Afghan Women's Writing Project
With my blind eye,
I rain the words:
I pray for you with my
Rosary, torn like my heart
When I look above, I see a different world that I wish I was born in. In this saintly place, I feel that I am Abū Rayḥān al-Bīrūnī, a famous astronomer from centuries ago in my hometown of Ghazni.
We need to provide support for disabled students and teach society to accept them so that they don’t feel excluded but instead can be productive members of society.
The economic empowerment of women is not a women’s issue, it is a development issue.
There is confusion in people’s minds between the tradition and culture forced upon them by the Taliban, and the real Islamic law.
In a far place, in the most remote alleys of Afghanistan, underground, in the corner of a dark room, for a woman prisoner, life means searching for sunshine.
Women need to change. We must take a good look at ourselves and then, bit by bit, the society will be changed. It is possible for us to change the next generation.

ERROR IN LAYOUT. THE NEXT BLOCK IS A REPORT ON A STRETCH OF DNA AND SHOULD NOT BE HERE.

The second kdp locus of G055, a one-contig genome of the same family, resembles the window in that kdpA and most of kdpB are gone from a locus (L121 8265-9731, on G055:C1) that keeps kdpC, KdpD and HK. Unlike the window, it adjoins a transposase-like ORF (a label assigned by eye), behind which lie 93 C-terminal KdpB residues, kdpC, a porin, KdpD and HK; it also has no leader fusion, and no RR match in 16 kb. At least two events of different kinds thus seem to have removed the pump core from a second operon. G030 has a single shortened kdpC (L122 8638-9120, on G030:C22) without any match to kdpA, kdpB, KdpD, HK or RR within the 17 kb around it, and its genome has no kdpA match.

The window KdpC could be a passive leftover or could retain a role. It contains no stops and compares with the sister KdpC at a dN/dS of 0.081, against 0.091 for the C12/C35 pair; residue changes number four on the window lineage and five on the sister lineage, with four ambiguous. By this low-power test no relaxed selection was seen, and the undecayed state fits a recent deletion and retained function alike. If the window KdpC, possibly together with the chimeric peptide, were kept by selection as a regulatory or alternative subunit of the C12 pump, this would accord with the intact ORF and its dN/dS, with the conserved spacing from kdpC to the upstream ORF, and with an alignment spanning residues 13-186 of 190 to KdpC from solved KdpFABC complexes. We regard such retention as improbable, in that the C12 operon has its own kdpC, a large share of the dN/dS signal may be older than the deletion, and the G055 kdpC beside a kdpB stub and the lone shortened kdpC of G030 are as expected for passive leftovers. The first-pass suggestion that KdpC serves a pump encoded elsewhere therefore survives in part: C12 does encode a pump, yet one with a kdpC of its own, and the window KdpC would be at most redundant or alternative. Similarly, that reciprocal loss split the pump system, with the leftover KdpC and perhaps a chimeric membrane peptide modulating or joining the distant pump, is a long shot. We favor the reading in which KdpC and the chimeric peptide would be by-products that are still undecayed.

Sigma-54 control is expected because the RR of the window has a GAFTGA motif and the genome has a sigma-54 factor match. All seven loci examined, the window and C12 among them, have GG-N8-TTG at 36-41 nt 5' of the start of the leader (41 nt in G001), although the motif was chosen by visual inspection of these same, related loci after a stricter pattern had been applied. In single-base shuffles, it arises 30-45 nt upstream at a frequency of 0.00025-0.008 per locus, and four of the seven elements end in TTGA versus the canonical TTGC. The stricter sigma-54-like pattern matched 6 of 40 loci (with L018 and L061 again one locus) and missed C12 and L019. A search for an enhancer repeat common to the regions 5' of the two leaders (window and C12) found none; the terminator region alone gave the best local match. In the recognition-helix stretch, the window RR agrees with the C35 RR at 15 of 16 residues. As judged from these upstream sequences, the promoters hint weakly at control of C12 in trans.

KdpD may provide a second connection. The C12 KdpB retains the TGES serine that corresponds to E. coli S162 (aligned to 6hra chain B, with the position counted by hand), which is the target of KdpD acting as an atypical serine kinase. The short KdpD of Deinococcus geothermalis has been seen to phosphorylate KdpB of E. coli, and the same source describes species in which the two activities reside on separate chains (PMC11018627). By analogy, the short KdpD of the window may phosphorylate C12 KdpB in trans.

Sometimes I become sad and whisper: “God, I feel so poor not to have a home on any part of your earth!” At once a voice responds: “Don’t be sad. You are more like a swallow than a flower.
When we reached the entrance, a security guard looked at us strangely, as if he were wondering where these two Afghans came from, or thinking that we must have lost our way. He did not let us through.
Even the moon was tired from
shining in the inexorable night of the world.
History is changed by the small actions of ordinary people. —Zahra A.
Click the button above or here to learn more about donating to AWWP.
Return to top of page
© Copyright 2014 Afghan Women's Writing Project. All rights reserved. Donate | Contact